An Agent-Based Simulation Model for Evaluation of Parking Policies in the Era of Autonomous Vehicles
Sina Bahrami, University of Michigan, Ann ArborShow Abstract
Matthew J Roorda, University of Toronto
Autonomous Vehicles ( AVs ) eliminate the burden of finding a parking spot upon arrival to the destination. AVs can park at a strategic location or cruise until summoned by their users. In this study, we investigate where AVs park considering cost and time constraints. Since each traveller choice has impacts on the network travel time and others' choices, we use an agent-based simulation model. Results show that travellers consider sending their vehicles to park at home if they have to pay anything for the parking. Also, our analysis for downtown Toronto shows that AVs will travel on average 12 minutes and a maximum of 47 minutes to park in cheaper parking lots. While the same parking price across all the locations would exacerbate the congestion by motiving more AVs to cruise, a toll for zero-occupant AVs would decrease the VKT by 3.5%.
Optimal Dedicated Locations for Curbside Pickup and Drop-Off Ridesourcing and Ridesharing Autonomous Vehicles
Xidong Pi, Carnegie Mellon UniversityShow Abstract
Susu Xu, Carnegie Mellon University
Sean Qian, Carnegie Mellon University
Ridesourcing and ridesharing with autonomous vehicles will be important travel modes in future intelligent transportation systems (ITS). Their development and popularization is likely to lead to a decline in urban curbside parking demand from private vehicles, but may substantially increase the demand for curbside pick-ups/drop-offs from shared autonomous vehicles (SAV). The excessive short-term curb use can lead to not only the shortage of pick-up/drop-off space, but also negative societal externalities on both SAV services and the through traffic. One possible way to mitigate this impact is to have dedicated pick-up/drop-off curb spaces for ridesourcing and ridesharing vehicles, in order to ensure service efficiency, mobility, and safety. In this study, from the perspective of a ridesourcing service provider, we formulate the problem of choosing dedicated curbside pick-up/drop-off locations to optimize service efficiency. The problem is cast into a non-linear bounded knapsack problem and solved through a pragmatic and scalable heuristic solution algorithm. Numerical experiments based on a real-world transportation network show our model and algorithm can provide solutions close to the global optimum in a highly computational efficient manner. Another case study based on a grid network also provides policy insights for choosing dedicated curbside pick-up/drop-off locations under different design parameters, e.g. pricing schemes and ride-request demand patterns.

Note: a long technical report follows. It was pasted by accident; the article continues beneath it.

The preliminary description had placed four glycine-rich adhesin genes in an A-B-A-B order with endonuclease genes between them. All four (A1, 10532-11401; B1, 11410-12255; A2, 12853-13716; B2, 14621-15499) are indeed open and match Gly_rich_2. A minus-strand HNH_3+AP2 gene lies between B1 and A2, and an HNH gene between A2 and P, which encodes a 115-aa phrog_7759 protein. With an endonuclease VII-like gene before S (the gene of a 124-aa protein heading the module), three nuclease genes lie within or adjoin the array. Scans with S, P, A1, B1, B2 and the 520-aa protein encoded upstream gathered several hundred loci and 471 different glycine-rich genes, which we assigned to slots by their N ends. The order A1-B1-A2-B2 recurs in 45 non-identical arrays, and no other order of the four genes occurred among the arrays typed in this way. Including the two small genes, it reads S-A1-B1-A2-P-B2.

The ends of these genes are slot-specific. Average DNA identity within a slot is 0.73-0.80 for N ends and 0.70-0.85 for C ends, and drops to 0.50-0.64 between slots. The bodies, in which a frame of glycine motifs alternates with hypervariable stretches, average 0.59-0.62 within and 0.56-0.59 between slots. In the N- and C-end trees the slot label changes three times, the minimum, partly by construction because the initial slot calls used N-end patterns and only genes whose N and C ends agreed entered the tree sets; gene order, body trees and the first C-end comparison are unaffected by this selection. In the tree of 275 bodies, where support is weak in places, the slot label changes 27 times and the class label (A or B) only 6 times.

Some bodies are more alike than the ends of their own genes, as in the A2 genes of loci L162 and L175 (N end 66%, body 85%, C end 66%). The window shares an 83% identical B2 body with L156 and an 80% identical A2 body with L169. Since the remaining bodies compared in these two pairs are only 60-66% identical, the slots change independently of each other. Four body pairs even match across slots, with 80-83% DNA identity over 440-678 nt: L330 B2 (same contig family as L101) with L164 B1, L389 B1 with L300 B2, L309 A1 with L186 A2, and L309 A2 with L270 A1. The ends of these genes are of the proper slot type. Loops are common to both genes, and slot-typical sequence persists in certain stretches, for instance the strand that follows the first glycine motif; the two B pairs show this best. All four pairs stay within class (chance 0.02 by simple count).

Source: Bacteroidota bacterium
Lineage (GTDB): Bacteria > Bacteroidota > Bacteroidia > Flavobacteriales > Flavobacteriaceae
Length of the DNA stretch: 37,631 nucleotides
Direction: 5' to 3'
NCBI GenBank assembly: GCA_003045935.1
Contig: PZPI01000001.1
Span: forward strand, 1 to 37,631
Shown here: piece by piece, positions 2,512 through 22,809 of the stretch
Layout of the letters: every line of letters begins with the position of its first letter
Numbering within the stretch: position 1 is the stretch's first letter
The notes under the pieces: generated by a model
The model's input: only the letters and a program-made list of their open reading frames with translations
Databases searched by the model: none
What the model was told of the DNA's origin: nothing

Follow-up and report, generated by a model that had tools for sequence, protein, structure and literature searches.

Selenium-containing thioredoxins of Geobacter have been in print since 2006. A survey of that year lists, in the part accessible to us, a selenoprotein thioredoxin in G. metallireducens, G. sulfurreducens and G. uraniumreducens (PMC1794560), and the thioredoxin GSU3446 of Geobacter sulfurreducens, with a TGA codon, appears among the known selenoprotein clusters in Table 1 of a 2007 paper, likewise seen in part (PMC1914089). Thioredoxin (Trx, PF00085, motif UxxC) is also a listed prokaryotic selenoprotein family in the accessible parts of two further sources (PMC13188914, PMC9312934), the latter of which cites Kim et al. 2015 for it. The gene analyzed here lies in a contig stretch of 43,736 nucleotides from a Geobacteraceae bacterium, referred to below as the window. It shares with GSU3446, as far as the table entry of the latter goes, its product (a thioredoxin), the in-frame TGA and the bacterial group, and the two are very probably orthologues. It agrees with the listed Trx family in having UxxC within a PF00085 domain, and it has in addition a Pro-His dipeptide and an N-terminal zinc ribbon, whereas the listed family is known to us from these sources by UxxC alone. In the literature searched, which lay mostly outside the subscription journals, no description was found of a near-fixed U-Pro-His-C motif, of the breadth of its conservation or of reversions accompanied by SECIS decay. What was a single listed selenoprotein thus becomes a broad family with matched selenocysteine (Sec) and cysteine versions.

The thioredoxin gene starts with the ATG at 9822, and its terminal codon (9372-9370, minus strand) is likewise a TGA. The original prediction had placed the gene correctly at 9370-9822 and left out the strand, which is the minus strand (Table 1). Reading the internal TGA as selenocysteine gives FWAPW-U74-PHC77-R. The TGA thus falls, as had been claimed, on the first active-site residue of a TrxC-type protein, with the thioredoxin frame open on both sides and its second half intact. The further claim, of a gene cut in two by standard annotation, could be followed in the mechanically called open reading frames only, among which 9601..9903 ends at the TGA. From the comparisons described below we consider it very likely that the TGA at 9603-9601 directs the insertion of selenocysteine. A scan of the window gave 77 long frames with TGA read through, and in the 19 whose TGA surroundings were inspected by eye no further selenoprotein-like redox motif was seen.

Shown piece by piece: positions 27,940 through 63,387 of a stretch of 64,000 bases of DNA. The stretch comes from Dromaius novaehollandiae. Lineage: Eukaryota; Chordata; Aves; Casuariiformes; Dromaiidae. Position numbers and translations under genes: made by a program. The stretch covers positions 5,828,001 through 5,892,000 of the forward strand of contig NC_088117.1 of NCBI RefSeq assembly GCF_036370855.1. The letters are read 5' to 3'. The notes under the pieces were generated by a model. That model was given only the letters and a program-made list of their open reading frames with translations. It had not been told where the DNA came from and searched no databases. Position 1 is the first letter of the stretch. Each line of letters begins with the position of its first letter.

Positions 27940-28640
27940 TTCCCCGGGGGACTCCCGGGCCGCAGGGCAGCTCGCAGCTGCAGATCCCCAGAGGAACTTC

Curb Management in Business Districts: Current Trends and Future Options
Juan Matute, University of California, Los AngelesShow Abstract
Yu Hong Hwang, University of California, Los Angeles
This paper describes curb management approaches in business districts, generally, explores state and city curb regulations in California and Washington and documents the current state of curb management in three business districts in those states. Existing curb regulations prioritize safety from hazards, the free flow of traffic, and provision of access, in that order. Curb regulations that provide for access focus on provision of zones for passenger loading and the pickup and drop-off of bulk goods. Trends in new mobility have led to an increase in demand for pickup and dropoff of passengers and prepared foods or other perishable goods. These trends have been most pronounced in business districts, where the combination of insufficient supply of curbspace allocated to such high-turnover activities leads to double parking, causing safety hazards, impeding traffic flow, interfering with the operation of bus stops, and even reducing public parking revenues. We explore current trends for courier network services create an acute demand for curb space at restaurants around mealtimes. These services are also leading to changes in land use and restaurant business models. We present two case studies of how Southern California cities are reallocating curb space in response to the demands of courier network services, with a preliminary evaluation from a pilot project in Downtown Santa Monica.